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In Hungary, Migrants Wait To Travel West


Austria has halted all trains from Hungary this weekend after 45,000 migrants crossed the border earlier this week. Thousands of migrants still want to leave Hungary before emergency laws take effect on Tuesday, so they're streaming into Budapest's main train station, from which Lauren Frayer reports.

LAUREN FRAYER, BYLINE: Hundreds of migrants are waiting to buy tickets to villages in western Hungary. From there, they can walk across the border to Austria. Among those waiting in line is Osama Salah from Syria, traveling with his two daughters, aged 4 and 6.

OSAMA SALAH: Now two children, no mother, no wife - dead, dead (foreign language spoken).

FRAYER: "My wife was killed by ISIS five months ago, so I took our daughters and fled," he says. "We took a boat from Turkey to Greece, and we fell into the sea. I had to hold my daughters afloat in my arms." Salah recounts his story while standing in the ticket line, after dark, in the rain, holding his little girls' hands. Then, a Hungarian stranger approaches and offers Salah free train tickets.

KISSANA SZABO: People who can afford, they buy tickets and others come here and give to those who need them.

FRAYER: Kissana Szabo is a volunteer taking ticket orders from people online who want to help, then she goes around handing them out to migrants in need.

SZABO: There are many of us doing this, so we have shifts. I'm here for two hours, and I got, like, 30 tickets from the person who was here before, but the codes are arriving by text message and...

FRAYER: Salah is incredulous. His little girls squeal with delight. They'll be able to get on a train to the Austrian border tonight.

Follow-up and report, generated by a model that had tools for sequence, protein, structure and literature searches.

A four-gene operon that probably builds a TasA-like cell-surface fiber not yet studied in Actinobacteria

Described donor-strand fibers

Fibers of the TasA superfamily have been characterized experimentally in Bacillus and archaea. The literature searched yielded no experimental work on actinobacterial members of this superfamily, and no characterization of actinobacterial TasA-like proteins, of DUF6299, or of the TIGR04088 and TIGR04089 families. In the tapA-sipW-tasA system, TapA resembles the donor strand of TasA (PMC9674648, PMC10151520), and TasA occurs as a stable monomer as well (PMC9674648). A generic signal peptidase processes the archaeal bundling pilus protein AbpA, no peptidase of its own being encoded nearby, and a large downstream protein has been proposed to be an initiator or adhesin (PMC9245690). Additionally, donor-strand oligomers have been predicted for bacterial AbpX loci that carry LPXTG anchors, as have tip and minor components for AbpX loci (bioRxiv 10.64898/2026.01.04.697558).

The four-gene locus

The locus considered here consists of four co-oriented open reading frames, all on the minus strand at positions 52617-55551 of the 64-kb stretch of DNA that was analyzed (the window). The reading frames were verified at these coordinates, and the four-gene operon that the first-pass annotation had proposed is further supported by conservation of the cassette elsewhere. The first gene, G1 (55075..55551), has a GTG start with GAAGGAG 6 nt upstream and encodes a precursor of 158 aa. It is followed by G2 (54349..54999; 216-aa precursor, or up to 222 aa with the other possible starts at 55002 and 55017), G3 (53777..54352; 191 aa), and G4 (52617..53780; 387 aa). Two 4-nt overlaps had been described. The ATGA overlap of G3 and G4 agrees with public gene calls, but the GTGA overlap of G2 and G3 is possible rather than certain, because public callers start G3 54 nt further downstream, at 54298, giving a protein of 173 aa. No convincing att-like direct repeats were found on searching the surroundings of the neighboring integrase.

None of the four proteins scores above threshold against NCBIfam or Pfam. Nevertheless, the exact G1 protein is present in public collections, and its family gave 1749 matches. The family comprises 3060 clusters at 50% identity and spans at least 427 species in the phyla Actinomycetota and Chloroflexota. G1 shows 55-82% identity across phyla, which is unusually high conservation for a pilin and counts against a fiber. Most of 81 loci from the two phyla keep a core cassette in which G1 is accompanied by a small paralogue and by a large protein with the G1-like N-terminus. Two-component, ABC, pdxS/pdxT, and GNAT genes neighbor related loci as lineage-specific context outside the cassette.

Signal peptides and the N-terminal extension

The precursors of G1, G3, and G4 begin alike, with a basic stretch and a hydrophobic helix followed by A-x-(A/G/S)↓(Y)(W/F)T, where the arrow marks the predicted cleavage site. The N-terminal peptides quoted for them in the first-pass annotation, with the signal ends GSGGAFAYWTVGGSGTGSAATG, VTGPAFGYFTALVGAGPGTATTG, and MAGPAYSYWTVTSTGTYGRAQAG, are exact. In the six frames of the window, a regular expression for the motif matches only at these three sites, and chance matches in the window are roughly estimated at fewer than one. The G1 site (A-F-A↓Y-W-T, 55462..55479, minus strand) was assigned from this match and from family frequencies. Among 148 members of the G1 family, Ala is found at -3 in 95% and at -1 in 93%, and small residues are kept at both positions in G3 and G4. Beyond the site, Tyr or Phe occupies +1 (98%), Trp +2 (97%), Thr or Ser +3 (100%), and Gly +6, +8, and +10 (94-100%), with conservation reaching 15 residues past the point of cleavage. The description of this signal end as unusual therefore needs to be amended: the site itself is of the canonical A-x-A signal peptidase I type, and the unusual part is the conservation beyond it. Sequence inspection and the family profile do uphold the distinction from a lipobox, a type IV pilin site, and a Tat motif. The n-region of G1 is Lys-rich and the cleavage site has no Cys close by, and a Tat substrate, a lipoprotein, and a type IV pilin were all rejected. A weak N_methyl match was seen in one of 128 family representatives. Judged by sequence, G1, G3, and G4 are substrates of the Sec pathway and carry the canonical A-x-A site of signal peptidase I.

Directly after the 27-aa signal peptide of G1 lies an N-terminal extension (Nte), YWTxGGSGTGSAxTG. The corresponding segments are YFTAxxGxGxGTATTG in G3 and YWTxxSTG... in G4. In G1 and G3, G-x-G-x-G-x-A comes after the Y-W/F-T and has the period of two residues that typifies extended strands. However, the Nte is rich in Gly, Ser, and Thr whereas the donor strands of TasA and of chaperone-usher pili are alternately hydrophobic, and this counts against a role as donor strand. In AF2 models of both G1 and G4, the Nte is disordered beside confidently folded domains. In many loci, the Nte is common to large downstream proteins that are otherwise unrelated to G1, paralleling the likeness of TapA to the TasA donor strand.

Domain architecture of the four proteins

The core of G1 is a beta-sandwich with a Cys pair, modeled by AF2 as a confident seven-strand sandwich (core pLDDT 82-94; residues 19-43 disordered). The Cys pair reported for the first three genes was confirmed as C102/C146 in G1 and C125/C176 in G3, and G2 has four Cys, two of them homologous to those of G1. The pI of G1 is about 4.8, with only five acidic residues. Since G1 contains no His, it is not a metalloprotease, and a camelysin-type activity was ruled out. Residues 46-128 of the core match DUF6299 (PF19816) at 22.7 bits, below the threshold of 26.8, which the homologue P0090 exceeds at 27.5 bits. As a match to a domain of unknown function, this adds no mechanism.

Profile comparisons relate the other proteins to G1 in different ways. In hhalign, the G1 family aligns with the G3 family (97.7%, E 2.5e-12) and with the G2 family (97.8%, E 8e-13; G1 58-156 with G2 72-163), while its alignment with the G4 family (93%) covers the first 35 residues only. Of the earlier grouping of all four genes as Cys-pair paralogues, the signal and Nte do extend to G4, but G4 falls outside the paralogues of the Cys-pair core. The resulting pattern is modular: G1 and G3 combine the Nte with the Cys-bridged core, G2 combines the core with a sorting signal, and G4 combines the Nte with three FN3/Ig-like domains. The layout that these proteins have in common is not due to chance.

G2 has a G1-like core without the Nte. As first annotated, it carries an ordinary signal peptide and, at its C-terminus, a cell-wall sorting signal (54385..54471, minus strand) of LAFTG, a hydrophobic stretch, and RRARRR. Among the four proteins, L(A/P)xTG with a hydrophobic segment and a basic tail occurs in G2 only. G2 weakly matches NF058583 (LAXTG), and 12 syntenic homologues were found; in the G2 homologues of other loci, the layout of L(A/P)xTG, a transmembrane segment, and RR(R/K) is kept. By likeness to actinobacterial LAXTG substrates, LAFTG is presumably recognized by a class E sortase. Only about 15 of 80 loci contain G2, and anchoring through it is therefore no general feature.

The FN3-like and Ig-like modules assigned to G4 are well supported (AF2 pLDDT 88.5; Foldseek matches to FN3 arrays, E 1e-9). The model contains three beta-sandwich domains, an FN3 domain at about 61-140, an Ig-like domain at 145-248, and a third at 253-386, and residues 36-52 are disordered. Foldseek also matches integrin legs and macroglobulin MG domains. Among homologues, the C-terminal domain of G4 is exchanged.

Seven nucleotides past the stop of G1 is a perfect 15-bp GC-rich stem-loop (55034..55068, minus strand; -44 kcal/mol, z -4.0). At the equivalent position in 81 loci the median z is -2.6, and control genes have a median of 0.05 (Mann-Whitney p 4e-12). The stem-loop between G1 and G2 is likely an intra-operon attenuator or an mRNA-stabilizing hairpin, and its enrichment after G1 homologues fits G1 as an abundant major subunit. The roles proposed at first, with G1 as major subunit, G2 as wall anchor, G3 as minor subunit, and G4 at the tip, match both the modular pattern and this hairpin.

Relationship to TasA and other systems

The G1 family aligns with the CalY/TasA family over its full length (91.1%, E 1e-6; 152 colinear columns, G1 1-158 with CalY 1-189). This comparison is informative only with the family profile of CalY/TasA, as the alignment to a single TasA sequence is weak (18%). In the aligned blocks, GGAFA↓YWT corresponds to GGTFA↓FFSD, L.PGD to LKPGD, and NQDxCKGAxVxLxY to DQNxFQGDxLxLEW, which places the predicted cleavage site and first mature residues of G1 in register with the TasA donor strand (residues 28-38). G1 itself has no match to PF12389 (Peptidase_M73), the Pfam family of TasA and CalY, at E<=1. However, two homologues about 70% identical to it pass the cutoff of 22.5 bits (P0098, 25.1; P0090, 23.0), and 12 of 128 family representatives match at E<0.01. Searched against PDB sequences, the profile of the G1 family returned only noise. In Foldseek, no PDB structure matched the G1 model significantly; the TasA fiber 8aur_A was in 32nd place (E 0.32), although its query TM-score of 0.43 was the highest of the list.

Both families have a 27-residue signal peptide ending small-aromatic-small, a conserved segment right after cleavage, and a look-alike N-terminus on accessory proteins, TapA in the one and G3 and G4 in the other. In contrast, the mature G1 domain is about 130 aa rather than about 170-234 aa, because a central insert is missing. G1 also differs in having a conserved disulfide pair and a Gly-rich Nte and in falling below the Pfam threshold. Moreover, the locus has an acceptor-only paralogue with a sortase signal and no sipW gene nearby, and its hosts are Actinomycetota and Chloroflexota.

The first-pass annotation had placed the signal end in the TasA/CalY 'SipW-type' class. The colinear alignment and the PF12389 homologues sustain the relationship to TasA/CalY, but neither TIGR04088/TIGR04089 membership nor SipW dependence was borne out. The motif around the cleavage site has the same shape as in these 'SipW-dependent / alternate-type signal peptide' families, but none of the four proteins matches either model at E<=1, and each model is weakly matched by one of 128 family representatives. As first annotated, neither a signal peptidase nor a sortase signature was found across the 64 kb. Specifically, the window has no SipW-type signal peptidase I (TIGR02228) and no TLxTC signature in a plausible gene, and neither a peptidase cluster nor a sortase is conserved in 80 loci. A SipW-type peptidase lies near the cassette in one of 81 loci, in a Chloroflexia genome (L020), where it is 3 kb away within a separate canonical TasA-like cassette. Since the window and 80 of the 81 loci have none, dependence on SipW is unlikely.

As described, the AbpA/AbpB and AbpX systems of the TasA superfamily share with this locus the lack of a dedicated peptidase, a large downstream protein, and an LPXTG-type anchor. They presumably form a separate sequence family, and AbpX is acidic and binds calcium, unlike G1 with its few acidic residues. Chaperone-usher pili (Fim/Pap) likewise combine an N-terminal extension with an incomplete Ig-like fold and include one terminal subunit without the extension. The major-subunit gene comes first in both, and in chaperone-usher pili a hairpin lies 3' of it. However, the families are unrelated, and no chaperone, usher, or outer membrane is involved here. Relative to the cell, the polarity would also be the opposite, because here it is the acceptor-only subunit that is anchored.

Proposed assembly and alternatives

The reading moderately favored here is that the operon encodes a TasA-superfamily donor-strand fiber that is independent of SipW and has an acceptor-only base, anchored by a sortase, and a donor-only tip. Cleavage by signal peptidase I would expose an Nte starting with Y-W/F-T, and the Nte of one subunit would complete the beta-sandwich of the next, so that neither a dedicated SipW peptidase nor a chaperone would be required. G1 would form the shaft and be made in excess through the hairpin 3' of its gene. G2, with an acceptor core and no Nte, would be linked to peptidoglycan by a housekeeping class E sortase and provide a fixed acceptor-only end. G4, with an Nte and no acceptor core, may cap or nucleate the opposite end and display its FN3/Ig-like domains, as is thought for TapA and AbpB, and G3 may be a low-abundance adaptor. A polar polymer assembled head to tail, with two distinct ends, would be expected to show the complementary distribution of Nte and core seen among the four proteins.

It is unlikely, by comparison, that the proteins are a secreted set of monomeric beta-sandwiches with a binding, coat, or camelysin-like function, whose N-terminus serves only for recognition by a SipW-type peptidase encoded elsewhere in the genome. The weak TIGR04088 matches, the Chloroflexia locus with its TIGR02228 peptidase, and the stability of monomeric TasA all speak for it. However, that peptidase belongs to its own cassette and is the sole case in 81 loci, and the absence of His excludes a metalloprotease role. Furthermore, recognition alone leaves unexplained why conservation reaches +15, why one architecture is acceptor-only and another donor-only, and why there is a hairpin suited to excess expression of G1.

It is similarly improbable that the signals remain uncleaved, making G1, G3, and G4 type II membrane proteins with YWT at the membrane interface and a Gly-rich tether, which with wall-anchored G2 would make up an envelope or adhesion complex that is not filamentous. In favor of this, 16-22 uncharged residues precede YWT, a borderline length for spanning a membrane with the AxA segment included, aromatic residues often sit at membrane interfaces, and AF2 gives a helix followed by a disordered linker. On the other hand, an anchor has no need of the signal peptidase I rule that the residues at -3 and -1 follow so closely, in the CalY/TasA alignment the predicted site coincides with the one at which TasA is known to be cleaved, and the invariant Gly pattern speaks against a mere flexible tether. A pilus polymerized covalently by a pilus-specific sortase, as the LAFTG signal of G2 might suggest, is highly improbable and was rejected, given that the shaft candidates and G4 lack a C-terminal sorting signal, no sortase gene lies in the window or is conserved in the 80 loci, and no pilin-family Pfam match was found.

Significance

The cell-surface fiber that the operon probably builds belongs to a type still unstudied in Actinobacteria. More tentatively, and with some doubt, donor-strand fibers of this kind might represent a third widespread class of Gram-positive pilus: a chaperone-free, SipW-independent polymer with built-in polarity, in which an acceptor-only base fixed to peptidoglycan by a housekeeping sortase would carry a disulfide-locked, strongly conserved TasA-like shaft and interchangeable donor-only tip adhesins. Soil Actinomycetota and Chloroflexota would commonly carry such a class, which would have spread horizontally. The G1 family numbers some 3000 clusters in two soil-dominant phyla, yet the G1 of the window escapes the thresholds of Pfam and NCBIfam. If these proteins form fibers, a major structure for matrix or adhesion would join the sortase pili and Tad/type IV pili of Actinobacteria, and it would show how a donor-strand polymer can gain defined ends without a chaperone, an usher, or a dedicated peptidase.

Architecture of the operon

SALAH: (Foreign language spoken) Ticket - very happy, very happy because...

FRAYER: "I've spent all my money on this trip," he says. "That woman was so thoughtful." The kindness this family has received from ordinary Hungarians is in stark contrast to the treatment they received from Hungarian police in a camp on the Serbian border just a few days ago. Salah and his daughters were locked up for three days with thousands of other migrants and refugees, as understaffed police working 18-hour shifts tried to fingerprint them all.


UNIDENTIFIED PEOPLE: (Foreign language spoken).

FRAYER: Video recorded by an aid worker in the same camp shows Hungarian police tossing bread rolls at migrants behind metal fences, like cages. Desperate people scream and climb the fences to reach for the food. Hungary's right-wing prime minister accuses migrants of rebelling against Hungarian law. He's deployed 3,800 soldiers to the Serbian border, where a military operation is expected this Tuesday, so migrants are trying to get out before that.

Every two hours at Budapest's Keleti Station, hundreds of migrants make a mad dash for the train platform. Among them was Perween Aloo, a Kurdish refugee from Syria, who's nine months pregnant.

UNIDENTIFIED WOMAN: Where will your baby be born?

PERWEEN ALOO: (Laughter) I wish in Germany. I wish that.

FRAYER: Her due date is this weekend. For NPR News, I'm Lauren Frayer in Budapest. Transcript provided by NPR, Copyright NPR.

Lauren Frayer covers India for NPR News. In June 2018, she opened a new NPR bureau in India's biggest city, its financial center, and the heart of Bollywood—Mumbai.
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